Sunday, December 5, 2010

For Christmas - Some Suggestions?

I haven't offered suggestions for Christmas in some years now, so I thought that I would offer some little "gumdrops" for consideration in the gift-giving department!

For Christmas itself, may I suggest that you look for a recording called "Christmastide,", which is a number of carols played on old instruments - it is delightful in its simplicity and clarity. We really do not hear that often these days the beloved carols in a more proper setting.

For the children, a video called "Beethoven Lives Upstairs" really tells us of the personal side of the great composer, even though it is rather fictionalized, to a point. I enjoyed the atmosphere surrounding Beethoven in his daily life, going from apartment to apartment etc. - it's quite charming, and will give youngsters some insight into the life style of this fabled composer.

Also, for the youngster, why not acquire the Walt Disney movie, "Fantasia?" It's a marvelous blend of great music coupled with the visions that Disney had about coupling Sight and Sound together - a defining trip into the world of Imagination.

Finally, young people may like to see very early Disney, back in the 1930's, when Disney decides to fuse music and cartoon, with no dialogue whatsoever - these are true classics. They are called "Silly Symphonies."


For the pop listener, why not look for the "Great Songs of World War Two," performed by the great performers of that time? It tells us of the particularized genius that the American composers possessed, to write one pretty tune after another, some of which have continued to be heard today - from Sinatra to Crosby to Fitzgerald to Goodman to Ellington to Basie, and on-and-on - it's a three disc set, and worth listening to and owning.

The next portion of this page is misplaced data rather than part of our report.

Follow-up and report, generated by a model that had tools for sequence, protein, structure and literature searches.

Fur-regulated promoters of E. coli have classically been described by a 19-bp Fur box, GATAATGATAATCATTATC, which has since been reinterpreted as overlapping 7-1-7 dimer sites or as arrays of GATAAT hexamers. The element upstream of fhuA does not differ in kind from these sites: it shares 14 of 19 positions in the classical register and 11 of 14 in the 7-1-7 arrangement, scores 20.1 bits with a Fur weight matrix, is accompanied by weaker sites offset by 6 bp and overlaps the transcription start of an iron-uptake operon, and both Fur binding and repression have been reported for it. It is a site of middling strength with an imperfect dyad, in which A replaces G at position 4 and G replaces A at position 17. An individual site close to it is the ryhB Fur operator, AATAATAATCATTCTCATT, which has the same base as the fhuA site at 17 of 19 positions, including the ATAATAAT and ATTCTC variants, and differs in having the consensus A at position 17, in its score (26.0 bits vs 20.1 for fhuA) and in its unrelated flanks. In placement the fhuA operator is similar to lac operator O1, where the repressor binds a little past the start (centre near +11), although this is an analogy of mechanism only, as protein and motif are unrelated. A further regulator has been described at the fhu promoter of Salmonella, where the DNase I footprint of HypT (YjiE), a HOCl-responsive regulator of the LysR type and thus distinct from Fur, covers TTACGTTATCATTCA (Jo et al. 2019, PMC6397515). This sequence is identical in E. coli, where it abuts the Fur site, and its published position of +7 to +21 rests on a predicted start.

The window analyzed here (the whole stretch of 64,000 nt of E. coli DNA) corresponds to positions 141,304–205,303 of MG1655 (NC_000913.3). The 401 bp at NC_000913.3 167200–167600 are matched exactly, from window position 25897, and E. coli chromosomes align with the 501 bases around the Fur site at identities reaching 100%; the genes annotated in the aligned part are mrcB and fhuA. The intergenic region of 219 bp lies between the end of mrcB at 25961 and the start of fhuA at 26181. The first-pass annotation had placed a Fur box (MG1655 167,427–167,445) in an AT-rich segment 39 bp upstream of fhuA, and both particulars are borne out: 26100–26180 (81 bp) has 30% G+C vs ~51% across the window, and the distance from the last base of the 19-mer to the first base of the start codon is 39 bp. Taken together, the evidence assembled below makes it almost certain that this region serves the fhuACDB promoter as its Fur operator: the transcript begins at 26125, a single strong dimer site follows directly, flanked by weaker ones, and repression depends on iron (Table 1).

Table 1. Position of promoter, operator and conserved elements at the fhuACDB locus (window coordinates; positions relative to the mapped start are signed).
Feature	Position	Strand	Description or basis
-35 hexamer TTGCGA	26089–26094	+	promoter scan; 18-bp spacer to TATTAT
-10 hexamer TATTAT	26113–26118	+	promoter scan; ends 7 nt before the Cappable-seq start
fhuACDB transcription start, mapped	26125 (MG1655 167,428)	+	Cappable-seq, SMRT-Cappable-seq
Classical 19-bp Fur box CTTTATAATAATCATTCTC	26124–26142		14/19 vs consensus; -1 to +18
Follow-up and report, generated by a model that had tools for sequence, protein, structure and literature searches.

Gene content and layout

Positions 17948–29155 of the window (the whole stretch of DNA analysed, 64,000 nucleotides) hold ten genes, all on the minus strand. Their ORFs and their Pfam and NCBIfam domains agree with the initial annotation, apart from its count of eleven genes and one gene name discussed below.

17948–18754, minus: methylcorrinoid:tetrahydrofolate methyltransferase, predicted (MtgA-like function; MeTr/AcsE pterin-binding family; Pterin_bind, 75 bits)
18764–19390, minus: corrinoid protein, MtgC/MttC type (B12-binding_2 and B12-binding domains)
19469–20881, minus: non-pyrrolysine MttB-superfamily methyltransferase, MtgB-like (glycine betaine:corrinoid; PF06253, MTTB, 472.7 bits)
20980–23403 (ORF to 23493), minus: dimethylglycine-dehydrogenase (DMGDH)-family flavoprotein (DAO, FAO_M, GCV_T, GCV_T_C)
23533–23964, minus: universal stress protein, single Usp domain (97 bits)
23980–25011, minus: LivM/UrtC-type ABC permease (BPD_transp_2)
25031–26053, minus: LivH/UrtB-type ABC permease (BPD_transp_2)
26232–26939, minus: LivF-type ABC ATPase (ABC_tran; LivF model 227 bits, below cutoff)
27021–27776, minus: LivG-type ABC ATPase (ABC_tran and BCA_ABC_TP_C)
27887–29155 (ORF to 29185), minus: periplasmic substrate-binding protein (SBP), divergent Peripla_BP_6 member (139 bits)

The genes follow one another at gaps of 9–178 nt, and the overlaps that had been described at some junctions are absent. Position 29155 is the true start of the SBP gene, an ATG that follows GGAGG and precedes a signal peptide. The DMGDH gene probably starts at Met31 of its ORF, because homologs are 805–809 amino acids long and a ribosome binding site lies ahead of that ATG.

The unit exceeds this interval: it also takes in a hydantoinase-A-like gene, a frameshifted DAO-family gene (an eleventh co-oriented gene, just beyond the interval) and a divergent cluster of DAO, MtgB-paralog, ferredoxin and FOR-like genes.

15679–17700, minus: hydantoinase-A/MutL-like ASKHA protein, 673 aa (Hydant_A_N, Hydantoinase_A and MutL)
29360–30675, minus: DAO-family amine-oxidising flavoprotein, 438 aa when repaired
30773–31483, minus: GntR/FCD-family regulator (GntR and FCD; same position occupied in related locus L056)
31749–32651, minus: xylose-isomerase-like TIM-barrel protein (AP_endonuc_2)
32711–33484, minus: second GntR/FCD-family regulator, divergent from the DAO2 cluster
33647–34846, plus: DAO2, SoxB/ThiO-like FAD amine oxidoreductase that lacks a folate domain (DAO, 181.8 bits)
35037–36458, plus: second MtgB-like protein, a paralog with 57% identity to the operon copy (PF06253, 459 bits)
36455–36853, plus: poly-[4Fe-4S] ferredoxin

For the most satirical pop recording I know of, look for "Jonathan and Darlene Edwards." I once wrote a blog about this unique recording, and it's worth looking for - a truly singular approach to performance.


For the classical lover, look for a book called "Evenings With Horowitz," a delightful series of visits to the Horowitz home in New York by a teacher at Juillard, a friend of the great virtuoso.
One will visit the informal side of Horowitz, and be witness to that Puckish sense of humor he was known for among his close friends and associates.

How about a book by Oscar Levant, called "A Smattering of Ignorance?"

For those not familiar with the revolutionary device called the Vorsetzer, created during the first few years of the 2oth century, look for some of the incredible performances by such names of the past as Grieg, Debussy, Ravel, Lhevinne, Busoni and many other legendary figures in music who straddled both the 19th and 20th centuries. You might look at my blog on this machine that will give you greater insight as regards an event that created a sensation among the great musicians of that time.

Finally, in the event that the recipient of any present you give does not own the Beethoven Nine Symphonies by either Bruno Walter or Arturo Toscanini, you cannot miss giving a most delightful and meaningful gift!

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